The role of chemotherapy in the treatment of anal sac tumours is not clear cut. Animals with advanced disease, where the tumour has already spread and cannot be managed with surgery, tend to do better if chemotherapy is given. However, in cases which can have all detectable tumour removed surgically, it remains to be shown whether invisibly small microscopic tumour tissue is best managed by chemotherapy or simply by close monitoring and possible further surgery in the future.
- Controlling the progression of advanced cancer spread (metastasis)
Here at North Downs Specialist Referrals, we have seen remarkable success in the treatment of advanced anal sac tumour patients using treatment which is designed to prevent the cancer from inducing the formation of new blood vessels. This approach to therapy effectively targets the cancer, whilst sparing the non-cancerous tissues, because non-cancerous tissues are not growing and therefore do not need to grow a new blood supply to support their growth. Using this treatment, patients who would previously have had a life expectancy of as little as ten weeks, are living for one to two years.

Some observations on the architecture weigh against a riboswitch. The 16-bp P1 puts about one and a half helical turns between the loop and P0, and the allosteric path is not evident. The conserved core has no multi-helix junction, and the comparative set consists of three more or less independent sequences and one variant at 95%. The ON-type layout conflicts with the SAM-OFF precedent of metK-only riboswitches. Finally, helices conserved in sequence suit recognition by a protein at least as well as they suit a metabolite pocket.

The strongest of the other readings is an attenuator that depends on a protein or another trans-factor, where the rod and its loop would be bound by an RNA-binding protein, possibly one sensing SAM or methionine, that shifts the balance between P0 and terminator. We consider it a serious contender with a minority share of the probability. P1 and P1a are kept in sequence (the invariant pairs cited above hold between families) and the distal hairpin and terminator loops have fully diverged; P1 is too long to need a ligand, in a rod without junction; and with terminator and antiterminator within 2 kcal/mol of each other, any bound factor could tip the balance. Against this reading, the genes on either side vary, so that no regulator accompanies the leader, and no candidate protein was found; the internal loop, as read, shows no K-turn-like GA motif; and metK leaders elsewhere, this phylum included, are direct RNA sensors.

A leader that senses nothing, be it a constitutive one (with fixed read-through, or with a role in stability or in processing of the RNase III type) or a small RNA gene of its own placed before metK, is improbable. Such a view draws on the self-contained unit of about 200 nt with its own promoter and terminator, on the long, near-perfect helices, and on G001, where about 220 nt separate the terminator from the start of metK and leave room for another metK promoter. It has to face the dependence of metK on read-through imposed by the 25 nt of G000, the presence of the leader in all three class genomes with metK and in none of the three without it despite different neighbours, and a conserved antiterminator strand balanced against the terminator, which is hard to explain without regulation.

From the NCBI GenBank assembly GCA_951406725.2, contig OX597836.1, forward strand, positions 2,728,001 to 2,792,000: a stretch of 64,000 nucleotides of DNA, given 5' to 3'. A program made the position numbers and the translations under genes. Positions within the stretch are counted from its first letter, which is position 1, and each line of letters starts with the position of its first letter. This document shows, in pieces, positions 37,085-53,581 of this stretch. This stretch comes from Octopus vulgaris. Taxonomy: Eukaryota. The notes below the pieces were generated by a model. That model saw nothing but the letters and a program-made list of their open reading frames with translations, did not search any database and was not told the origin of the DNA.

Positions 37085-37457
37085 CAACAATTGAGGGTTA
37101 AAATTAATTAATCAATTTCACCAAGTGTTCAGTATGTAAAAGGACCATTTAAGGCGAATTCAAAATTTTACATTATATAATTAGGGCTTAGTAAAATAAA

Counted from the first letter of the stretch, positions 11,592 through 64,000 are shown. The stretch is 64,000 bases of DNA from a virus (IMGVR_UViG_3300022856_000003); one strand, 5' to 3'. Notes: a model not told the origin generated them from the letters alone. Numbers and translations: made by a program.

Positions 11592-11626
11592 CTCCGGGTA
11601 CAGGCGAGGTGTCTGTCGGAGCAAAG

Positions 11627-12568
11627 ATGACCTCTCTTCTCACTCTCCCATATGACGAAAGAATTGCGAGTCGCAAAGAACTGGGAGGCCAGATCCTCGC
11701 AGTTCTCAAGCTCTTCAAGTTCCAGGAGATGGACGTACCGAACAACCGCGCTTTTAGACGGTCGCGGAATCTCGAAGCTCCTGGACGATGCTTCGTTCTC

X-rays of a patient’s lungs once spread of the cancer was noted in July 2014 and taken in February 2016 when she still remained alert and active despite slow progression of her cancer. The cancer progression is evident; the miracle is that these changes would historically have happened in only ten weeks.